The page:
VARIOUS Desert Sessions 7 & 8 (Rekords Rekords/Southern Lord)

The Desert Sessions series contains recordings assembled by lead Queen Of The Stone Age Joshua Homme and a loose coalescence of musicians related in some way to that band, including Chris Goss of Masters Of Reality and former Screaming Tree Mark Lanegan. Volumes 7 and 8 in the series have been issued as a double 10" set, pressed on black and white vinyl respectively.

And they sound like…? Well, nothing at all like Queens Of The Stone Age - when they threaten to, as on "Nenada", a waltz through alien time signatures is never far away to prevent proceedings from becoming too familiar. A spirit of rampant experimentation pervades "Desert Sessions 7 & 8" - even more so than in the excellent music Homme produces in his day job. Several tracks here seem to betray a distinct East European influence - the mandolin-strumming hoe-down of "Don't Drink Poison", for example - whilst others weld the needle to the red side of the strangeness scale: examine "Interpretive Reading", in which an x-rated, acid-fried edition of "Jackanory" apparently competes for the listener's attention against "Songs Of Praise" and some very free jazz, and "Covousier" is a smooth-talking Barry White fireside ode to family planning and murder. "Polly Wants A Crack Rock" is as much of a Nirvana parody as the title suggests, whilst "Cold Sore Superstars" sounds alarmingly like dEUS. The best moments, however, are marginally more conventional: Mark Lanegan imbues the very "Four Sticks"-like "Hanging Tree" with a brooding menace absent from the source material, and "Making A Cross" is a similarly themed balalaika 'n' harmonium ballad.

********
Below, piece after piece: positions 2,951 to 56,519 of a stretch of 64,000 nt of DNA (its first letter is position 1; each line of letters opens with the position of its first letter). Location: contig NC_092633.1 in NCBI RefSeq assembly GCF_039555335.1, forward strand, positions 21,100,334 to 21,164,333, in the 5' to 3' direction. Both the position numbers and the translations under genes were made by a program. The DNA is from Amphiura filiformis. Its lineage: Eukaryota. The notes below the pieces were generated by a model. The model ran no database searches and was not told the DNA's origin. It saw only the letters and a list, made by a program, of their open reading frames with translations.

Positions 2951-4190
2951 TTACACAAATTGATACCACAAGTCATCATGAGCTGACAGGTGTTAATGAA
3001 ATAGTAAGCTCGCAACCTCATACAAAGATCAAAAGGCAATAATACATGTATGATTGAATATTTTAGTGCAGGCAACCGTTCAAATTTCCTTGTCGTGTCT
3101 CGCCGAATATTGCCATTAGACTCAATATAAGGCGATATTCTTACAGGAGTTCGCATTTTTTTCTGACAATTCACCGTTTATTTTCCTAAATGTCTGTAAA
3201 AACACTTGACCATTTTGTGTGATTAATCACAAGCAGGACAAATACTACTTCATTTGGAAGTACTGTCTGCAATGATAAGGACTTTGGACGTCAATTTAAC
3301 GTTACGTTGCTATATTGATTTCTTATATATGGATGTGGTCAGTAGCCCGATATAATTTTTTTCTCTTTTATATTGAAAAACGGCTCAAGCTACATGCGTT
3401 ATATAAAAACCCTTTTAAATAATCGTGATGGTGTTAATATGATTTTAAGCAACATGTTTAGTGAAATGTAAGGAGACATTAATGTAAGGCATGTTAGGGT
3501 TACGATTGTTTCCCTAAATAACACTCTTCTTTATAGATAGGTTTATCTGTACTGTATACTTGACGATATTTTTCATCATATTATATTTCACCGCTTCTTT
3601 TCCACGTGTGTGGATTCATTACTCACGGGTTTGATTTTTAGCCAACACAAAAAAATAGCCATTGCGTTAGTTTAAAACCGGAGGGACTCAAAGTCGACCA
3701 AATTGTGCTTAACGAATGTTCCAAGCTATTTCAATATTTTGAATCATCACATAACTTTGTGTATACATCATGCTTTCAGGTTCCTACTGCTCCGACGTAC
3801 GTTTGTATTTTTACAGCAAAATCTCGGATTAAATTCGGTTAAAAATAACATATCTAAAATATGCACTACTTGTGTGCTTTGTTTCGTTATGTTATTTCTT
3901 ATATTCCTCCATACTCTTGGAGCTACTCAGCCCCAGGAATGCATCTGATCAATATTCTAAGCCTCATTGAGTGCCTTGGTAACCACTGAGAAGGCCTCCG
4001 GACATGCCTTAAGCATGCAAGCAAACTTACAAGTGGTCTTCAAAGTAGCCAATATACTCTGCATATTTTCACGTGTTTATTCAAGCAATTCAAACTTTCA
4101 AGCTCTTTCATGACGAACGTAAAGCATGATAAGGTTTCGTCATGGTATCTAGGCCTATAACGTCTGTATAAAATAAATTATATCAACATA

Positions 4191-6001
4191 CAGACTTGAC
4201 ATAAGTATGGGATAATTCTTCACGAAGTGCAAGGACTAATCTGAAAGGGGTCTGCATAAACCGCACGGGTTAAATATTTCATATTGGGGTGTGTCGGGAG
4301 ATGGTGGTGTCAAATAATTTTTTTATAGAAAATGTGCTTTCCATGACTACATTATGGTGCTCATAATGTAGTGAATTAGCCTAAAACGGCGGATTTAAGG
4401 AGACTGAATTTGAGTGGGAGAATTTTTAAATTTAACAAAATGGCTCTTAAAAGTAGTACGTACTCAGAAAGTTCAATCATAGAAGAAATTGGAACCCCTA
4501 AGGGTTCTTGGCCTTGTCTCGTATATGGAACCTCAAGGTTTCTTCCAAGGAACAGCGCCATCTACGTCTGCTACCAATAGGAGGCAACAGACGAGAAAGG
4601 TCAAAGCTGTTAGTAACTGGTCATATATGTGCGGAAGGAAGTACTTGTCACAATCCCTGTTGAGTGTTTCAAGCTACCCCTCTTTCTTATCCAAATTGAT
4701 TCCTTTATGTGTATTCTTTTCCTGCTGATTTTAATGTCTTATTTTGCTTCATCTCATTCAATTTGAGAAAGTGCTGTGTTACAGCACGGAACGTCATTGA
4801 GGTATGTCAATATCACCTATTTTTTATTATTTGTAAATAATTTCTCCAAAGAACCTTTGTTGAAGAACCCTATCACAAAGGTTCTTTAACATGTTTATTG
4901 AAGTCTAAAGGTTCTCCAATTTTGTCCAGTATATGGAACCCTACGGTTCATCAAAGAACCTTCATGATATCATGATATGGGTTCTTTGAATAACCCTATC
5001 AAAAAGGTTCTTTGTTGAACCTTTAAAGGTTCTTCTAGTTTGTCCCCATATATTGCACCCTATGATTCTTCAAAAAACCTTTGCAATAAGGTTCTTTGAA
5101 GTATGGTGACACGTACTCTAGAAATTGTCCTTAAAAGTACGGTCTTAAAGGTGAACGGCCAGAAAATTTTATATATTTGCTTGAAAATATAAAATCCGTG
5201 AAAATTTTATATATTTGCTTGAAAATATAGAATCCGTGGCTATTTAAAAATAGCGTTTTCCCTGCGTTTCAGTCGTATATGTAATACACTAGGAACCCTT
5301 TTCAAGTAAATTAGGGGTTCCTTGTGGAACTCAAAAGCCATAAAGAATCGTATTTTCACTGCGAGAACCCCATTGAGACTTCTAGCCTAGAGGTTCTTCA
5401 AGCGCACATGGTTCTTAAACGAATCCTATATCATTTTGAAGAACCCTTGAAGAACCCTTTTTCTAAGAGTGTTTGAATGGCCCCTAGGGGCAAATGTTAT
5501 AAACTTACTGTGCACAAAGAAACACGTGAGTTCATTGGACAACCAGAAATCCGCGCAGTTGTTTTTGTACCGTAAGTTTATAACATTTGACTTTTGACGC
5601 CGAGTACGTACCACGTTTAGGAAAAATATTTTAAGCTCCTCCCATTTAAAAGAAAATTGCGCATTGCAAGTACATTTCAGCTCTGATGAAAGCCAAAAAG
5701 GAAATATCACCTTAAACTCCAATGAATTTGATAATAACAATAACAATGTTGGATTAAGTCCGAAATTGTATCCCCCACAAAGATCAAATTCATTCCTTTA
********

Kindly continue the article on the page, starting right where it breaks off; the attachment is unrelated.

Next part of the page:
Almost entirely great music, then, but its strength - the thrilling diversity on offer, the complete abandonment of any inkling of what might be next in line - might also be its downfall, sapping its coherency as an album-length listening experience, where a Queens Of The Stone Age or Kyuss long-player will gain some extra bludgeoning power by being drawn from a far narrower range of textures. But if you like either of these bands, and are drawn to something (even) farther out, this brief but chunky collection might be exactly what you require.